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  • Writer's pictureRichard Blech

The Cybersecurity Executive Order: A Standard for All Organizations?

By issuing Executive Order on Improving the Nation’s Cybersecurity, the White House created a tool critical to reinforcing federal network security and modernizing the way that the federal government does cybersecurity.

Specifically, the order details the response federal department and agencies should have to combat the plague of major cyberattacks targeting critical services and infrastructures. While the majority of the order mostly impacts the federal government and its agencies, certain federal contractors will be affected by several of the requirements as well.

However, the executive order will also impact the private sector as well. It has already been referenced in a letter to corporate executives and business leaders on what the private sector needs to be doing to protect itself against ransomware threats. It would be unsurprising if the executive order serves as the standard for all organizations in the United States.


The importance of standards and regulations detailed in the order is underscored by the rash of publicly disclosed ransomware attacks have already occurred this year, such as the attacks against Colonial Pipeline, JBS Foods and Acer attacks, and those that have occurred in the weeks since the order was issued, like the Siegfried cyberattack. In fact it could be argued that the provisions detailed in the order are long overdue; in 2020, ransomware victims in the United States paid out approximately $350 million.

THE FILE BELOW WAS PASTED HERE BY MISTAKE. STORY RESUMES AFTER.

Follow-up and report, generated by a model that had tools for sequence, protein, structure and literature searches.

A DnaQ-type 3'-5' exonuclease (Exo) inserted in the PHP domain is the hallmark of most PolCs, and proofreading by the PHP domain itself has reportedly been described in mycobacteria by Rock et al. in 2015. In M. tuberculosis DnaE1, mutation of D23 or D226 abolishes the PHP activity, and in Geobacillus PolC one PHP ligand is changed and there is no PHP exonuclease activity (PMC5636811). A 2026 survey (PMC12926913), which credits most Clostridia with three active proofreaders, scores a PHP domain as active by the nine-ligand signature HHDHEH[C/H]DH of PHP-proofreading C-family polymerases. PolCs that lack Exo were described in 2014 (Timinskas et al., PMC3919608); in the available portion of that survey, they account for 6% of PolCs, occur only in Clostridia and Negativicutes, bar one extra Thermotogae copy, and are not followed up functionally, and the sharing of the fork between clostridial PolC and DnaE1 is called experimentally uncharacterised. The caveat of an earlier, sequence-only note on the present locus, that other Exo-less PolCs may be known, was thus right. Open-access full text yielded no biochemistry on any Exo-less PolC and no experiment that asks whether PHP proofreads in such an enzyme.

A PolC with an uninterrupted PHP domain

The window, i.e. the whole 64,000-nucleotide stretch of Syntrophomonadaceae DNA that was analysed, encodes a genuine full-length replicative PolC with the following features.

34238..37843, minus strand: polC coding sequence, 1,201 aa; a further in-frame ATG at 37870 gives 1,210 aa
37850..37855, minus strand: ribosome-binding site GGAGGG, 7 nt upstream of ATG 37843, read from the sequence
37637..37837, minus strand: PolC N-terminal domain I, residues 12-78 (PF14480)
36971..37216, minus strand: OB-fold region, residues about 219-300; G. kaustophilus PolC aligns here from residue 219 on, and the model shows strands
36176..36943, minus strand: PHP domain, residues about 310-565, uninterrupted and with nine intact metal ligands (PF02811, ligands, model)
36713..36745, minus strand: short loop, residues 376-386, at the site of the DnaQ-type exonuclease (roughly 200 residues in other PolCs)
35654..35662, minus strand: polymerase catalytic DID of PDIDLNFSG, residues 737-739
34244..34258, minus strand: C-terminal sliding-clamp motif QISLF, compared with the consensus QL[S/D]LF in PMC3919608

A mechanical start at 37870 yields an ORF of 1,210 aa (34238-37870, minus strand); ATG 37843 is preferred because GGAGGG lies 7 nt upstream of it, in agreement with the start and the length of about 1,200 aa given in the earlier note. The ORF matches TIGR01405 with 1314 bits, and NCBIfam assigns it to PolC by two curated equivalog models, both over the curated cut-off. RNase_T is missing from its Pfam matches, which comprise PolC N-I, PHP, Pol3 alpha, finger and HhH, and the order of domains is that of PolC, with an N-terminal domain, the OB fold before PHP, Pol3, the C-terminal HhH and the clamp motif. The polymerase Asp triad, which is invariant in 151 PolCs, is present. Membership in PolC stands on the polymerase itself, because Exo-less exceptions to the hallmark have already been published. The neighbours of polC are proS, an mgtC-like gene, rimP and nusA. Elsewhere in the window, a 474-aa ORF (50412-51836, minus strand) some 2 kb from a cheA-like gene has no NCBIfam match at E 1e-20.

XSOC Corp has always maintained that the modernization of cybersecurity tools and policies was necessary to address the current sophisticated cyber threat environment that organizations are facing and will face in the future. The executive order takes a significant step in the right direction.


Section 1 highlights the cybersecurity dilemma faced by both the public and private sector in current the cyber threat environment and the urgency.

Section 2 of the order removes the contractual barriers that limit information sharing about risks, threats and incidents. The aim here is to create a culture of information sharing that can help deter incidents.

Section 3 may be the most significant part of the executive order. It establishes the foundation for modernizing the federal government’s approach to cybersecurity by:

o Moving to Zero Trust Architecture

o Implementing cyber security best practices

o Transitioning to secure cloud services

o Consolidating and streamlining access to cybersecurity data

o Invest in the innovative technology and personnel needed to realize modernization goals.

This section also orders federal agencies to deploy multi-factor authentication, or MFA, and encryption for data at rest and in transit.